The Latest On The Government’s Furlough Scheme
Like us, you’re probably struggling to keep up.
First, we had the Coronavirus Job Retention Scheme (what I now like to call the original furlough scheme). Then we had part furlough. And finally, we had to get our heads around the Job Support Scheme Open. And then the Job Support Scheme Closed.
The Latest Announcement
But now, following the Government’s announcement on 31 October 2020, we’re going back to the beginning.
The original furlough scheme will be extended until December 2020 (with no gap in government support). ‘Until December’ does indeed seem vague. However, it’s likely that it’s intentional in case the second lockdown (lasting from Thursday 5 November until 2 December) is extended.
What Does This Mean In Practical Terms?
Employees will continue to receive 80% of their salary for hours not worked, up to a maximum of £2,500. Employers continue to have the option of furloughing staff full time, or on a part time basis.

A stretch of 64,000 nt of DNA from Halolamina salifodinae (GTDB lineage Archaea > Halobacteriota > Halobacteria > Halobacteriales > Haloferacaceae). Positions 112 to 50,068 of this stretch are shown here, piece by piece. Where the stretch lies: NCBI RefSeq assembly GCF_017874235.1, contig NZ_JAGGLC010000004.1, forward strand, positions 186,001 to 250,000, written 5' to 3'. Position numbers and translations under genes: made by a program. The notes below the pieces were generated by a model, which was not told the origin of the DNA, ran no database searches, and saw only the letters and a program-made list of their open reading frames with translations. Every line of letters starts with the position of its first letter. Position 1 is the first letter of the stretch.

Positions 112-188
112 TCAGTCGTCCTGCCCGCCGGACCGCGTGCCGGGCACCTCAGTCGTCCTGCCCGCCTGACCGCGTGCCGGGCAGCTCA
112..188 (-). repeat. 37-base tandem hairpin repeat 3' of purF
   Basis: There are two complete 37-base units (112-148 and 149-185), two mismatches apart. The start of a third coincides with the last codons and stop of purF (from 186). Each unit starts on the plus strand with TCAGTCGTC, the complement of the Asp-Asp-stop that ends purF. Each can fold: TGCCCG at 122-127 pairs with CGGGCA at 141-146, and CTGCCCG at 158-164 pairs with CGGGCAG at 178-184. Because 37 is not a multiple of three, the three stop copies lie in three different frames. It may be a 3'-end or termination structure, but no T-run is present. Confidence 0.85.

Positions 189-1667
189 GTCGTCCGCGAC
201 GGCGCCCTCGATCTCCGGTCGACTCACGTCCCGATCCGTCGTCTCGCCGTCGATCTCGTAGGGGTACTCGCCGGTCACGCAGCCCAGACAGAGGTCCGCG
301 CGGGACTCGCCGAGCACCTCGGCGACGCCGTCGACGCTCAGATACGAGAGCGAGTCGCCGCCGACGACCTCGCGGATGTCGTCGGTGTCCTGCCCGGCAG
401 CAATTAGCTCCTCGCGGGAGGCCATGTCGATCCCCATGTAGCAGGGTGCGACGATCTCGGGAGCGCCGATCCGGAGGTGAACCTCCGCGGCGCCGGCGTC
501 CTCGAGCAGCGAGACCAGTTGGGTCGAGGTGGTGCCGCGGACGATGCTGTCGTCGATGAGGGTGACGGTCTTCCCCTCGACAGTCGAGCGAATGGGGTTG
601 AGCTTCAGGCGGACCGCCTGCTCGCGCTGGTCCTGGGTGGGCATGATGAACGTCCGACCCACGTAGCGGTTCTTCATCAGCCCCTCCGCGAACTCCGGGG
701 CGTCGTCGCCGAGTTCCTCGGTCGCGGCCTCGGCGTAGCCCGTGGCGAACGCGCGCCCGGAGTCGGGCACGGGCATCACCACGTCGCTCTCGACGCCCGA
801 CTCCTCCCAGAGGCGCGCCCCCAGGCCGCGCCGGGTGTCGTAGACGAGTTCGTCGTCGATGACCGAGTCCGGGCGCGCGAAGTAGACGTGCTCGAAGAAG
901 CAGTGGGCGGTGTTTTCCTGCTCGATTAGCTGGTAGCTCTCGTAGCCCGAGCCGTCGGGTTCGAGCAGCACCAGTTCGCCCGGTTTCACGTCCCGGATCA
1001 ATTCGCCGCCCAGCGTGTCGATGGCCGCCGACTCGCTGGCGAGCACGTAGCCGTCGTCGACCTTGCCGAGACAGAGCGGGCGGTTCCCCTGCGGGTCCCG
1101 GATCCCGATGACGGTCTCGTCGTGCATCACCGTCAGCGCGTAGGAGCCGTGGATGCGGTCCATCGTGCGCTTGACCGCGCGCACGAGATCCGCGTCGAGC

Eligible employees are those who were on your payroll on 30 October 2020. This will be very good news for staff who weren’t eligible under the old scheme, and may not have been under the new Job Support Schemes either.
You may remember that employers’ contributions have gradually increased over the last few months. However, with the extended furlough scheme, employers are only required to cover National Insurance and pension contributions.
For now, this means that the Job Support Open and Closed Schemes have been delayed.
Do You Need Furlough Agreements For Your Staff?
The furlough scheme announcement is a welcome relief to businesses as we enter the second phase of lockdown. This will undoubtedly be a hard winter.
We’re finishing off our updated furlough agreements so, as always, if you need any assistance, please do contact us.
You can reach our Employment team by calling 01752 827081, or by emailing firstname.lastname@example.org
The team are working through lockdown and, as a result, are available to help with furlough and all other employment related queries.
Written by Rachel Collins, Associate Solicitor at Nash & Co